Colleges mourn beach house fire victims - Toledo News Now, News, Weather, Sports, Toledo, OH

Colleges mourn beach house fire victims

OCEAN ISLE BEACH, NC (CBS/AP) -- Grief counselors will be available Monday on the University of South Carolina campus, after six USC students were killed in a weekend fire in a beach house in Ocean Isle Beach, N.C. A seventh victim attended Clemson University.

Firefighters never had a chance to save most of the college kids inside, who had just gone to bed after a late-night party, reports CBS News correspondent Mark Strassmann.

"I could hear a guy hollering, 'help!!'" said neighbor Nell Blanton.

Six other South Carolina students in the house survived, including one who jumped from the house into a waterway. The waterfront home was built on stilts.

"My heart goes out to everyone involved," South Carolina student Lindsey Riddick, 19, said Sunday evening. "I just can't fathom that at all."

Dennis Pruitt, the school's dean of students, said many of the students were friends from the Delta Delta Delta sorority and the Sigma Alpha Epsilon fraternity. The father of one survivor said several had gone to high school together in Greenville.

Officials said the students were staying at a house owned by the parents of one of the students.

"These were college kids partying until 4:30 in the morning. Two hours later, this house was in flames," reports Strassmann. The fire was discovered by a newspaper deliveryman, who called 911.

The fire burned completely through the first and second floors, leaving only part of the frame standing. The waterfront home -- named "Changing Channels" -- was built on stilts, forcing firefighters to climb a ladder onto the house's deck to reach the first living floor.

USC president Andrew SorensenOne witness described seeing three students sitting on the ground screaming as the home burned. The six survivors were hospitalized and released, Mayor Debbie Smith said.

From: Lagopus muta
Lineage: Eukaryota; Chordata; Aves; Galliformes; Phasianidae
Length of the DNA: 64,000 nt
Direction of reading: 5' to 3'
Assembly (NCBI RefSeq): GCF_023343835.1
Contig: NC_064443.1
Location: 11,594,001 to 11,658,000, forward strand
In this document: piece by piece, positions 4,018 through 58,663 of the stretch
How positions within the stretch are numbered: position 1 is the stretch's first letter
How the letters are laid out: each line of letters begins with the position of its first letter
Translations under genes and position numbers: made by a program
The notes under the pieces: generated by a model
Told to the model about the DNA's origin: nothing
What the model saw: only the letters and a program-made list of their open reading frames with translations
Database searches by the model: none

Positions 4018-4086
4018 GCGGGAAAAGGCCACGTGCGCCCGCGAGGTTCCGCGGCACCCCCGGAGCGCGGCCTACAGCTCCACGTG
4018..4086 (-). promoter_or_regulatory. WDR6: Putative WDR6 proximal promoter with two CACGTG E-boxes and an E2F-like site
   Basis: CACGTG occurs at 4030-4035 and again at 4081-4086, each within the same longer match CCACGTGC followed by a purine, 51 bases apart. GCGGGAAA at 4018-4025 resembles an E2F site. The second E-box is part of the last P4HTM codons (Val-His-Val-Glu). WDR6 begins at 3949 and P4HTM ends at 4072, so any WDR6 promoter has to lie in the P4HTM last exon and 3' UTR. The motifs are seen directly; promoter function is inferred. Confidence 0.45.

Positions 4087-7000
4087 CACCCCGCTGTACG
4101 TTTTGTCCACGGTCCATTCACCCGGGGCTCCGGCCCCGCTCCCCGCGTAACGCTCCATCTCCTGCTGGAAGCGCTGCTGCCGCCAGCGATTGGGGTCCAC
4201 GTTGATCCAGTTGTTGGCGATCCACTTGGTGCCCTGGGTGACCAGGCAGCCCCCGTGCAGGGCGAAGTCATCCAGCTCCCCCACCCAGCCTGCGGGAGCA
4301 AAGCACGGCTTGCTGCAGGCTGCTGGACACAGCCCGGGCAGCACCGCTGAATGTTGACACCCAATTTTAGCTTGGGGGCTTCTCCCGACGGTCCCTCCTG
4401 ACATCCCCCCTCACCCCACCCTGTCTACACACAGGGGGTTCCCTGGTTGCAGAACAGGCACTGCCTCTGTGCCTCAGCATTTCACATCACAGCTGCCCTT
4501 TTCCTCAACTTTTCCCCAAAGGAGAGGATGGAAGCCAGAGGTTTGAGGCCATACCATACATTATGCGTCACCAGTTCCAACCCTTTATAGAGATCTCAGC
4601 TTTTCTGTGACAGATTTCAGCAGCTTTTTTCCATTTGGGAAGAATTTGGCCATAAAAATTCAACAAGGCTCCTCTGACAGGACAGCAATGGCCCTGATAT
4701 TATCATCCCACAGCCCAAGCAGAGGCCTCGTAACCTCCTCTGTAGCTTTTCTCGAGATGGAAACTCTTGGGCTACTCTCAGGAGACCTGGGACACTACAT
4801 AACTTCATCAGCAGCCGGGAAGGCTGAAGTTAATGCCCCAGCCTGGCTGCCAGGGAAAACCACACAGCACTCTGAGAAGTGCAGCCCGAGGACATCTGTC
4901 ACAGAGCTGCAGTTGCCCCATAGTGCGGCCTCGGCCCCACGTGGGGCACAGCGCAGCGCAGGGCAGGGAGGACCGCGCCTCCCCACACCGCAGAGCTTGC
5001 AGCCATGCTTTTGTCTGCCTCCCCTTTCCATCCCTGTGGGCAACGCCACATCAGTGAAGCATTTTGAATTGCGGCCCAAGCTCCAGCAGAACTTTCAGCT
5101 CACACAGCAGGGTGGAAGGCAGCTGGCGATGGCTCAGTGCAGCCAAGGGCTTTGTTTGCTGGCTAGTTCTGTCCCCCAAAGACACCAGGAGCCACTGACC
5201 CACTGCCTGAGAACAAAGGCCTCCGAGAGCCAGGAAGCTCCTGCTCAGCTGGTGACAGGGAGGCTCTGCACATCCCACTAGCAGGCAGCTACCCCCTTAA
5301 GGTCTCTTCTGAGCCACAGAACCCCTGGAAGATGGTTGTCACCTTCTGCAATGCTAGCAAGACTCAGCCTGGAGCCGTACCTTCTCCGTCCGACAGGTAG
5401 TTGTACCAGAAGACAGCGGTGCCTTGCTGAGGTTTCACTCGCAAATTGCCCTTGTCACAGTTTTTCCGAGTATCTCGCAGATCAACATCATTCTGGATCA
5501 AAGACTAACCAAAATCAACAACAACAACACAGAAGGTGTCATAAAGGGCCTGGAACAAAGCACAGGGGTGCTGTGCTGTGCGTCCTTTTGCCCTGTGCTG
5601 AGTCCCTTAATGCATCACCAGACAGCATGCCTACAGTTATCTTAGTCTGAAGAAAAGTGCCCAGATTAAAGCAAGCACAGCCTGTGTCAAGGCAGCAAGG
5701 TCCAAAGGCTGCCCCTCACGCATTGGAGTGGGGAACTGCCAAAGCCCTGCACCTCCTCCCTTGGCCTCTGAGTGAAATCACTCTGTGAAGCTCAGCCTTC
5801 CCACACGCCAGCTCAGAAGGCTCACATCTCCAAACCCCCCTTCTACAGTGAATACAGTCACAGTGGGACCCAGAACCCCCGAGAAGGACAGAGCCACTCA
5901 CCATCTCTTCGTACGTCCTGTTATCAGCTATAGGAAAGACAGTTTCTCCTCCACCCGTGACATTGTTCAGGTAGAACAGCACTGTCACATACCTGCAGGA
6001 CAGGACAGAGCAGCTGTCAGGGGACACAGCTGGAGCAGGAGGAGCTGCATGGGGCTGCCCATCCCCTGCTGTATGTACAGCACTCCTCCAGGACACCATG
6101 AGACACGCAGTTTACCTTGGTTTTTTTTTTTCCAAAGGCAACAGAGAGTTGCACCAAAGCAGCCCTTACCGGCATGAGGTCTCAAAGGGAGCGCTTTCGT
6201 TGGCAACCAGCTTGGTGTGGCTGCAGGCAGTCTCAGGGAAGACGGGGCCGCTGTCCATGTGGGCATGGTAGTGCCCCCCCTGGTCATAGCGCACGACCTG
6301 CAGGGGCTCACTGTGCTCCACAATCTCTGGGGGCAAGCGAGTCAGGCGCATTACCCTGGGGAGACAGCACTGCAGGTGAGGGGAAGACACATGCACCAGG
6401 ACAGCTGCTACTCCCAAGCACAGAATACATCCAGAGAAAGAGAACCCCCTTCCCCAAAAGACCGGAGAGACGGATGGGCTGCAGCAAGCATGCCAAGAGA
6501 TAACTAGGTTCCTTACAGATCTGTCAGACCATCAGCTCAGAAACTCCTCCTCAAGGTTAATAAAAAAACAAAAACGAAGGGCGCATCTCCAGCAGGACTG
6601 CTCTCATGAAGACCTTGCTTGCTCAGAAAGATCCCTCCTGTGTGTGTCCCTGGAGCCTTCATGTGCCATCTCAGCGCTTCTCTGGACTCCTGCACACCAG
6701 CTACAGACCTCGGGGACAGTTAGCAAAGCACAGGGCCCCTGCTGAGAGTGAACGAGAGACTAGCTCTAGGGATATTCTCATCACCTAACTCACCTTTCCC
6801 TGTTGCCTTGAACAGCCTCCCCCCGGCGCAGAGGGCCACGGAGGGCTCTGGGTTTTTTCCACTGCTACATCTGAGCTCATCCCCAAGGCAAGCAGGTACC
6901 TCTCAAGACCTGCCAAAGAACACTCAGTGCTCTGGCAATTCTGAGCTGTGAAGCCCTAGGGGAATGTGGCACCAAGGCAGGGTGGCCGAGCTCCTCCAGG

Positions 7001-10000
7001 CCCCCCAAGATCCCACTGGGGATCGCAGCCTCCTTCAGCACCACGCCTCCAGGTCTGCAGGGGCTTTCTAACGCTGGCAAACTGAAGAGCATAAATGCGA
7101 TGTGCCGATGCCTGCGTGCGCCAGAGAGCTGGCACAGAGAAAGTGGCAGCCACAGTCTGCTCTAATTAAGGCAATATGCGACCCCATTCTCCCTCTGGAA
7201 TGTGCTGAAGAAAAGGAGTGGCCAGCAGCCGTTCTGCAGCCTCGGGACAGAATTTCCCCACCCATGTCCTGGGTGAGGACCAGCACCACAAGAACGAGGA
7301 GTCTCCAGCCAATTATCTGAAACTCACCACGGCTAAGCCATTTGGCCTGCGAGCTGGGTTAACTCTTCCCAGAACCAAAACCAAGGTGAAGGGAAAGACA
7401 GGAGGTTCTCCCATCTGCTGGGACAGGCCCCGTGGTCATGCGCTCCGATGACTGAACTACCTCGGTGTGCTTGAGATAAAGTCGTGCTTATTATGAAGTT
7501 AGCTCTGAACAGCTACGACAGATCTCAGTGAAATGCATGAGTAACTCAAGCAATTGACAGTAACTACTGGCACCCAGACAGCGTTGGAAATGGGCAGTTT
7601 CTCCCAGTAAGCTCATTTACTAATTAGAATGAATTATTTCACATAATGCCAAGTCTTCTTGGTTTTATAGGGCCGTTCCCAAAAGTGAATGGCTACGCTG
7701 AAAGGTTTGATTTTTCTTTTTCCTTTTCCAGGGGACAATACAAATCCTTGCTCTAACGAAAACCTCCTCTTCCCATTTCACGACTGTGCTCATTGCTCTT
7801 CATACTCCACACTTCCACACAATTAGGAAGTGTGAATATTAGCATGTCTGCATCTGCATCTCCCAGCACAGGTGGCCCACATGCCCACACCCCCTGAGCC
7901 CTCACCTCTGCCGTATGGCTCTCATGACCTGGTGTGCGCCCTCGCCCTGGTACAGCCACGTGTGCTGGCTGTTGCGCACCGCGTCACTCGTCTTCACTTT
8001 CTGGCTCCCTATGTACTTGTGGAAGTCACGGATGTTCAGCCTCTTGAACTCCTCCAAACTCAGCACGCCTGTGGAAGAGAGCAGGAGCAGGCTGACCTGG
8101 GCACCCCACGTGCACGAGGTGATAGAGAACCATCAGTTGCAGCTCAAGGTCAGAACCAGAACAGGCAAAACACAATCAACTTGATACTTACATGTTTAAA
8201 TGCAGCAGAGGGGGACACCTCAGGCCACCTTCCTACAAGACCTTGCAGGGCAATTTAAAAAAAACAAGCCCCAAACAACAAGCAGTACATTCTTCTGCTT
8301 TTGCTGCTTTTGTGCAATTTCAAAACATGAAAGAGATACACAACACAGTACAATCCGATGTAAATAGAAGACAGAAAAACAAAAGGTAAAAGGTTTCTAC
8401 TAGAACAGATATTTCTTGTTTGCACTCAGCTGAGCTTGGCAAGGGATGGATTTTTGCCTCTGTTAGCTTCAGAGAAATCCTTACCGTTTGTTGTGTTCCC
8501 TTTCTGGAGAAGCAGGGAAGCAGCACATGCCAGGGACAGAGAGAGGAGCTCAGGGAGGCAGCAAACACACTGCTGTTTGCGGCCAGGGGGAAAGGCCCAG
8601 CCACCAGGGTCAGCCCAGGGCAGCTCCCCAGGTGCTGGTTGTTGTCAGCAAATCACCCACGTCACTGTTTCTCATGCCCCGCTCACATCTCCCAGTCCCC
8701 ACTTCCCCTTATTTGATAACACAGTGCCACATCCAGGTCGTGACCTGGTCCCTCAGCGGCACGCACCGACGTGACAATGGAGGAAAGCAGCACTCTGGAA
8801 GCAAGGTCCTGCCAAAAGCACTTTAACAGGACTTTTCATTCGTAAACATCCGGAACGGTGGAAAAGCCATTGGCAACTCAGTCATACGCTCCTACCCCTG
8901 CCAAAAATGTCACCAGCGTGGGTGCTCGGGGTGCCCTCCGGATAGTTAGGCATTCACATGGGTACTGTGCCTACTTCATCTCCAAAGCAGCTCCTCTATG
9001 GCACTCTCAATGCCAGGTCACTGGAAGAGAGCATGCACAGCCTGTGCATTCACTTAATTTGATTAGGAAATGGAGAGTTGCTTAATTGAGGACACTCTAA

She has been meeting with the families of the victims.

"I think they're coping the best they can," she said.

It could be several days before investigators know what caused the fire, reports CBS News correspondent Jim Krasula, although it's not considered suspicious.

As news of the fire spread around the South Carolina campus on Sunday, so did rumors of the victims. Officials said identifications might not be made publicly until Wednesday, but that grief counselors would be available for the 27,000 students here when classes resume Monday.

"These are young people in the prime of their life," school president Andrew Sorensen said at a news conference. "They had so much to look forward to, and it's just profoundly tragic."

"When any one member of our family is lost, we are all diminished," he said, adding his thoughts also went out to the Clemson community.

South Carolina freshman J.P. Shorter said he and was talking with friends about the fire and that there were all kinds of rumors about what happened. "Some people I know are in Delta Delta Delta," said Shorter, 18, of Charleston. "I feel bad."

Several houses near the one that burned were filled with college students. Neighbor Jeff Newsome said the students were going back and forth between the houses all weekend long.

"We didn't have any big complaints," Newsome said. "The lights were on all night. They were having a good time."

Some of the people in the house had been friends since high school, said Rick Wylie of Greenville, who said his son Tripp jumped from the burning home.

"He's in shock," Wylie said. "It's just an incomprehensible thing for these parents."

The victims' bodies were to be taken to the state medical examiner's office in Chapel Hill, N.C. Authorities from the State Bureau of Investigation and the federal Bureau of Alcohol, Tobacco, Firearms and Explosives were leading the investigation, said Randy Thompson, Brunswick County's emergency services director.

Ocean Isle Beach is at the southern end of North Carolina's Atlantic Coast, about 30 miles north of Myrtle Beach. Only about 500 people live there year-round, but the town is home to several thousand rental and vacation homes and condos.

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The Associated Press and CBS News contributed to this report.

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